Give the middle class a break on electricity

high cost of energy The government has to find a permanent solution to the high cost of energy. FILE PHOTO | NMG

By Business Daily
Tuesday’s decision to cut the cost of electricity for households and small businesses that use a maximum of 100 kilowatt-hours (kWh) a month is a move in the right direction.

It’s intention to cushion poor households from rising cost of living and to reduce operational spend for small businesses is spot on. No one would argue with the wisdom of such good intentions because this is what any government with the interests of its people at heart would do.

However, one mistake the Energy Regulatory Commission (ERC) is making is to think that the middle class has the capacity to absorb every imaginable levy.


When the electricity charges were reviewed in July, middle income households were slapped with the heaviest burden of 54 per cent increase in their power bills. What the regulator seemingly failed to grasp is the extent to which this substantial increase in the power charges will impact not only the middle class but the entire economy.

The middle class drives the economy because their relatively robust purchasing power enables them to consume a larger proportion of goods and services.

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It is this consumption that fuels demand and supply, two of the critical factors that underpin a healthy economic growth. The country also depends on this category of people to set up businesses that help grow the national cake and boost tax revenue.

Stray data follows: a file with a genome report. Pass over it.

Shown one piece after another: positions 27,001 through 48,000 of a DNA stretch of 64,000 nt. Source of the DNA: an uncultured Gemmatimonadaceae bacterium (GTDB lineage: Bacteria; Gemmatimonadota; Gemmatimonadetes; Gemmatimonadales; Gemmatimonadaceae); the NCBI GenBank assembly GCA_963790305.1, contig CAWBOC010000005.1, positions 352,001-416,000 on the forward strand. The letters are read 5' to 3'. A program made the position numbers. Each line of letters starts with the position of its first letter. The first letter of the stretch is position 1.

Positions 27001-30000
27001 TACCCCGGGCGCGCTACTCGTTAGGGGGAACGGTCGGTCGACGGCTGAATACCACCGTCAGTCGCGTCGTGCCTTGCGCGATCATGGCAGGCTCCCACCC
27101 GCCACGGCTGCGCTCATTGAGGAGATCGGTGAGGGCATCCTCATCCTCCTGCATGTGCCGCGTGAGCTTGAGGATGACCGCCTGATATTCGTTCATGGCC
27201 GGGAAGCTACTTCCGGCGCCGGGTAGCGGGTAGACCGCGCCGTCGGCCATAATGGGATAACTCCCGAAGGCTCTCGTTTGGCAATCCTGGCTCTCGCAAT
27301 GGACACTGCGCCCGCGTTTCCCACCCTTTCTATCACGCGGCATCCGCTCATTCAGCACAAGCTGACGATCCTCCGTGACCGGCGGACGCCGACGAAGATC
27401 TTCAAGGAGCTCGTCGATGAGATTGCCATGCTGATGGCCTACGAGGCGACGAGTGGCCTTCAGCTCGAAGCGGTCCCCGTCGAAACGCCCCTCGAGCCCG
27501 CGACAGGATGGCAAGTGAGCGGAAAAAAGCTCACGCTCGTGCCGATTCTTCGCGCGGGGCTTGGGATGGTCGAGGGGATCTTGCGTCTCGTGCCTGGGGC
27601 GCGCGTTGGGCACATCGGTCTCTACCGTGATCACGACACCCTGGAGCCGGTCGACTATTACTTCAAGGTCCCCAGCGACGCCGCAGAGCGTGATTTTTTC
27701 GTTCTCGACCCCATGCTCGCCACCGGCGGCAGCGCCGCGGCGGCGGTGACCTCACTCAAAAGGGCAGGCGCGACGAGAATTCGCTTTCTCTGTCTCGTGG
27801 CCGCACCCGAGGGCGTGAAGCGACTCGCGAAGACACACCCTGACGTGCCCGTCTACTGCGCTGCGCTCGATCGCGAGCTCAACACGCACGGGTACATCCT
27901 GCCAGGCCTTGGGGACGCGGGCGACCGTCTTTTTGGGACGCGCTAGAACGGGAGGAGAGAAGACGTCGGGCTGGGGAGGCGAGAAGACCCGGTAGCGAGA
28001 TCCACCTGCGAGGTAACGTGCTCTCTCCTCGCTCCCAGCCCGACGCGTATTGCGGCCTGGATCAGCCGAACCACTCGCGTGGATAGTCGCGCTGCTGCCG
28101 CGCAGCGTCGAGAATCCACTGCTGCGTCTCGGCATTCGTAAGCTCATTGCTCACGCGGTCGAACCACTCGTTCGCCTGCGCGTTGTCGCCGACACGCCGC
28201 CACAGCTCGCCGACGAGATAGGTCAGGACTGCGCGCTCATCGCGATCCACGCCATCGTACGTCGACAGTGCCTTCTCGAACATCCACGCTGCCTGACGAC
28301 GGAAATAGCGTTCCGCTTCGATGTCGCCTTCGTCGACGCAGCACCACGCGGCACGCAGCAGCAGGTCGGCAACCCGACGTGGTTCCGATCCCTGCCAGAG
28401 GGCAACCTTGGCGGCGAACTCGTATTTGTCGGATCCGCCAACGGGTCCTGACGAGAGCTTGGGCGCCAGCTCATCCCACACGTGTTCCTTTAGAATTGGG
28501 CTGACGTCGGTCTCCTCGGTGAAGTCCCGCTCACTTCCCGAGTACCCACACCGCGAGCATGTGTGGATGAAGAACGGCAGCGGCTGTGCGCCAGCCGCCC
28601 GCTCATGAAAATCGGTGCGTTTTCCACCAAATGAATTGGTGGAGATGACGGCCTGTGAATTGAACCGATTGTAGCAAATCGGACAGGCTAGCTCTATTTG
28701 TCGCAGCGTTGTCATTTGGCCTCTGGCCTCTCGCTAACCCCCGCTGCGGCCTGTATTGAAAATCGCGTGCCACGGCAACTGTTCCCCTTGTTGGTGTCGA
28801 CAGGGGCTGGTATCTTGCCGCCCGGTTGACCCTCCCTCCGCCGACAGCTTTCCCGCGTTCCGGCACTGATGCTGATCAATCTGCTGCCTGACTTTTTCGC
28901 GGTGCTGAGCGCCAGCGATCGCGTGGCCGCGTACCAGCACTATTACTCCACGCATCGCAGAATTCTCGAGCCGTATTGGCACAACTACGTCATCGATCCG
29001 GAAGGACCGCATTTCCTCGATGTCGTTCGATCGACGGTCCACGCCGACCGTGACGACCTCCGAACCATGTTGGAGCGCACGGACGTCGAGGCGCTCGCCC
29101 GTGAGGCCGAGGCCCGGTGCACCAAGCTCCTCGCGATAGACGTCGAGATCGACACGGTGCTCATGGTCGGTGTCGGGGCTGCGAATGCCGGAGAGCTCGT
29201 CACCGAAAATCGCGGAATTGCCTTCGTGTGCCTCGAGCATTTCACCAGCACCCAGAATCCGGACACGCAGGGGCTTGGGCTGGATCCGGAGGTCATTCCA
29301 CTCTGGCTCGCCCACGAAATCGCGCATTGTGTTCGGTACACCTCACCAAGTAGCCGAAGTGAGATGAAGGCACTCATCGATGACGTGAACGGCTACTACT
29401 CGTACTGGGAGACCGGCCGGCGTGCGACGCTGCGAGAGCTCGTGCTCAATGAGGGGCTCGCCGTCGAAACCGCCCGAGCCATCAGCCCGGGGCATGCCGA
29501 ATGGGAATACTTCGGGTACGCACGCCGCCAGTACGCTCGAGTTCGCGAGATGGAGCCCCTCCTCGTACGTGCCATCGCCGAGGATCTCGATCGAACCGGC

Taking into account such an essential link between the middle class and the overall economy, a country can only shoot itself in the foot by eroding their purchasing power.

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The middle income earners also take on the additional financial responsibility of their less endowed members of their families, and even other relatives. Considering the high dependency ratio in Kenya, it is possible that a good share of the bills ascribed to the poor are in reality footed by the middle class.

It is ironical that tariffs are rising yet the country has been expanding its generation capacity. For instance, about 170 megawatts have been mounted onto the grid from the Turkana wind farm, and more capacity is expected from the same source once more turbines are switched on. This should reflect on the bills as soon as possible.

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Overall, the government has to find a permanent solution to the high cost of energy. The starting point should be terminating or significantly curtailing the use of the prohibitive thermal power. the middle class a break on electricity.

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